The dream shifted, and Chaol could say nothing, do nothing as the golden-brown hair darkened to black and the agonized face wasn’t Archer’s but Dorian’s.

The Crown Prince jerked, and Celaena held him tighter, twisting the dagger one final time before she let Dorian slump to the gray stones of the tunnel. Dorian’s blood was already pooling—too fast. But Chaol still couldn’t move, couldn’t go to his friend or the woman he loved.

The wounds on Dorian multiplied, and there was blood—so much blood. He knew these wounds. Though he’d never seen the body, he’d combed through the reports detailing what Celaena had done to the rogue assassin Grave in that alley, the way she’d butchered him for killing Nehemia.

Celaena lowered her dagger, each drop of blood from its gleaming blade sending ripples through the pool already around her. She tipped back her head, breathing in deep. Breathing in the death before her, taking it into her soul, vengeance and ecstasy mingling at the slaughter of her enemy. Her true enemy. The Havilliard Empire.

The dream shifted again, and Chaol was pinned beneath her as she writhed above him, her head still thrown back, that same expression of ecstasy written across her blood-splattered face.

Enemy. Lover.


The memory of the dream splintered as Chaol blinked at Dorian, who was sitting beside him at their old table in the Great Hall—and waiting for an answer to whatever he had said. Chaol gave an apologetic wince.

The Crown Prince didn’t return Chaol’s half smile. Instead, Dorian quietly said, You were thinking about her.

Chaol took a bite from his lamb stew but tasted nothing. Dorian was too observant for his own good. And Chaol had no interest in talking about Celaena. Not with Dorian, not with anyone. The truth he knew about her could jeopardize more lives than hers.

I was thinking about my father, Chaol lied. When he returns to Anielle in a few weeks, I’m to go with him. It was the price for getting Celaena to the safety of Wendlyn: his father’s support in exchange for his return to the Silver Lake to take up his title as the heir of Anielle. And he’d been willing to make that sacrifice; he’d make any sacrifice to keep Celaena and her secrets safe. Even now that he knew who—what she was. Even after she’d told him about the king and the Wyrdkeys. If this was the price he had to pay, so be it.

Dorian glanced toward the high table, where the king and Chaol’s father dined. The Crown Prince should have been eating with them, but he’d chosen to sit with Chaol instead. It was the first time Dorian had done so in ages—the first time they had spoken since their tense conversation after the decision was made to send Celaena to Wendlyn.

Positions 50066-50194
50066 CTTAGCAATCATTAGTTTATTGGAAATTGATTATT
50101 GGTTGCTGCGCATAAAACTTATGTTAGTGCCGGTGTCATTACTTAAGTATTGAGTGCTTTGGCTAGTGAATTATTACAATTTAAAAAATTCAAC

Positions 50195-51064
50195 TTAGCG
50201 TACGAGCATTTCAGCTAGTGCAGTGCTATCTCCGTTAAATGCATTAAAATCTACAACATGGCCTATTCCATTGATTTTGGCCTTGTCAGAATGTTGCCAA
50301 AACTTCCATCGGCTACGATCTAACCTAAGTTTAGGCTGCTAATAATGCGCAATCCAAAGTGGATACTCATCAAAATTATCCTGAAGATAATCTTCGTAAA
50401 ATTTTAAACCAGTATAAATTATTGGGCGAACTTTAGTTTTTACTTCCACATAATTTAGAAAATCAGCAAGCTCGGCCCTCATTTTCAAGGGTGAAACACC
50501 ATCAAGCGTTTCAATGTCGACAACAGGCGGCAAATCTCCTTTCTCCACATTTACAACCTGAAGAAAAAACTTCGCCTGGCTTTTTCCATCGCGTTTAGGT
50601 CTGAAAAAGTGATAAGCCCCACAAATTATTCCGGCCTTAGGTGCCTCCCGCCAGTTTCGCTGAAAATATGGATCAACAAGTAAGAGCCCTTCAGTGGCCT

Dorian would understand if he knew the truth. But Dorian couldn’t know who and what Celaena was, or what the king was truly planning. The potential for disaster was too high. And Dorian’s own secrets were deadly enough.

I heard the rumors you were to go, Dorian said warily. I didn’t realize they were true.

Chaol nodded, trying to find something—anything—to say to his friend.

They still hadn’t spoken of the other thing between them, the other bit of truth that had come out that night in the tunnels: Dorian had magic. Chaol didn’t want to know anything about it. If the king decided to interrogate him … he hoped he’d hold out, if it ever came to that. The king, he knew, had far darker methods of extracting information than torture. So he hadn’t asked, hadn’t said one word. And neither had Dorian.

He met Dorian’s gaze. There was nothing kind in it. But Dorian said, I’m trying, Chaol.

Trying, because Chaol’s not consulting him on the plan to get Celaena out of Adarlan had been a breach of trust, and one that shamed him, though Dorian could never know that, either. I know.

And despite what happened, I’m fairly certain we’re not enemies. Dorian’s mouth quirked to the side.

You will always be my enemy. Celaena had screamed those words at Chaol the night Nehemia had died. Screamed it with ten years’ worth of conviction and hatred, a decade spent holding the world’s greatest secret so deep within her that she’d become another person entirely.

Because Celaena was Aelin Ashryver Galathynius, heir to the throne and rightful Queen of Terrasen.

It made her his mortal enemy. It made her Dorian’s enemy. Chaol still didn’t know what to do about it, or what it meant for them, for the life he’d imagined for them. The future he’d once dreamed of was irrevocably gone.

He’d seen the deadness in her eyes that night in the tunnels, along with the wrath and exhaustion and sorrow. He’d seen her go over the edge when Nehemia died, and knew what she’d done to Grave in retribution. He didn’t doubt for one heartbeat that she could snap again. There was such glittering darkness in her, an endless rift straight through her core.